As I’ve mentioned before, we provide hosting services as an add-on to our clients. We do this because we know their websites, we built them after all, and we also know that we can provide superior customer service once the site is live on our servers. We monitor for availability and performance, handle all server administration, fix server problems when they happen, backup our servers, and upgrade them before they need it.

Here’s an idea: Call the customer service line of a hosting provider before you sign up just to see how long it takes before you talk to a real person.

Security

Very few people think of system security and administration until they have to. In April 2010, a number of WordPress sites being hosted by Network Solutions got “mass hacked,” learning first hand what cheap hosting delivers: cheap security. You can (should) read my thoughts on this here . Cheap hosting does not provide system administration, it just offers a heap of server space and cheap tools.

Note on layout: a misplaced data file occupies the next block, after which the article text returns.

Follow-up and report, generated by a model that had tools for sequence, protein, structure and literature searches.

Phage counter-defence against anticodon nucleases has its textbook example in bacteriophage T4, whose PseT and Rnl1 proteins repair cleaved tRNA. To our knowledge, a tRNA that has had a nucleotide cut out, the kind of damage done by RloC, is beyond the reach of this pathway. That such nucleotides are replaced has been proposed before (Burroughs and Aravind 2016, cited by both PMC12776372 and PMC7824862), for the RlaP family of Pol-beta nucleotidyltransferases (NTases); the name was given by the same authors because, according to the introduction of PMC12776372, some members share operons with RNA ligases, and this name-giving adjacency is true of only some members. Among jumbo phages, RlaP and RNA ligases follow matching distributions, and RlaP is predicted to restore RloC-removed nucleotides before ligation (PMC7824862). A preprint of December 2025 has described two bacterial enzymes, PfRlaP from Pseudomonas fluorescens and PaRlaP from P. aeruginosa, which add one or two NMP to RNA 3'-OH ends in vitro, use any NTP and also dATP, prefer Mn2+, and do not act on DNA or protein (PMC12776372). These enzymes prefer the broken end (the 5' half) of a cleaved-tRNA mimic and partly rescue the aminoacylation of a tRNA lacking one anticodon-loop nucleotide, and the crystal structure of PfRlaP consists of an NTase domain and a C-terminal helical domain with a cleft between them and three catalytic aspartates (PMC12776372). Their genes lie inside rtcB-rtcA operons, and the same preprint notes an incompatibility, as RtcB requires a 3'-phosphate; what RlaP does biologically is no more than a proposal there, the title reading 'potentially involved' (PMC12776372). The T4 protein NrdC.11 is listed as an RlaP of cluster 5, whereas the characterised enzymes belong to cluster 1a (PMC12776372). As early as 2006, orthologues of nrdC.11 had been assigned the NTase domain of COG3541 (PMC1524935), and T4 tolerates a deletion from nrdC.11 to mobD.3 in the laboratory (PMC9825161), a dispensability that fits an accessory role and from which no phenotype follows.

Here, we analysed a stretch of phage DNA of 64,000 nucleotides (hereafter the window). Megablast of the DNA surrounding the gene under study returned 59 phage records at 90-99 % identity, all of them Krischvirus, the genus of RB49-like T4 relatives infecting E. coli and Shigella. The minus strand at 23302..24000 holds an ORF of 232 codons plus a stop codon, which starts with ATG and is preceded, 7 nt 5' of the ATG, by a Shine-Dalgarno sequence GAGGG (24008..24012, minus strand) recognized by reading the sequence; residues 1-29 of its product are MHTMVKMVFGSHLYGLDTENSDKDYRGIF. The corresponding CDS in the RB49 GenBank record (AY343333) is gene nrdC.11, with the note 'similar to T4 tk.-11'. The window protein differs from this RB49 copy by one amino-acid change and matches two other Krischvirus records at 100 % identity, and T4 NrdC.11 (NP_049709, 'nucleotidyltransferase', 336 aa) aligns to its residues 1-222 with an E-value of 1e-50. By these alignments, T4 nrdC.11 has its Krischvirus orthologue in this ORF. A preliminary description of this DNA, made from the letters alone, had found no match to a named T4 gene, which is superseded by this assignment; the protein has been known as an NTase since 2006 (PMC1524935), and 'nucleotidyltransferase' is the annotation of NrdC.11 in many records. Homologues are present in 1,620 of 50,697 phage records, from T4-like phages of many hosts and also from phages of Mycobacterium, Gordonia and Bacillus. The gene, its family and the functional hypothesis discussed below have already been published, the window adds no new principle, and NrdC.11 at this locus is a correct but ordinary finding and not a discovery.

Unlike hosted services like WPEngine and WordPress.com, “cheaphosts” give you server space which you have to maintain.  If you’re not experienced with system administration, you should steer clear.

Tools

I have been administrating servers for over 15 years. I type, I don’t click. When I need to do things to the database I don’t go through some online interface: I log into the database and make changes directly to areas of my choosing.  A database backup is a string of commands.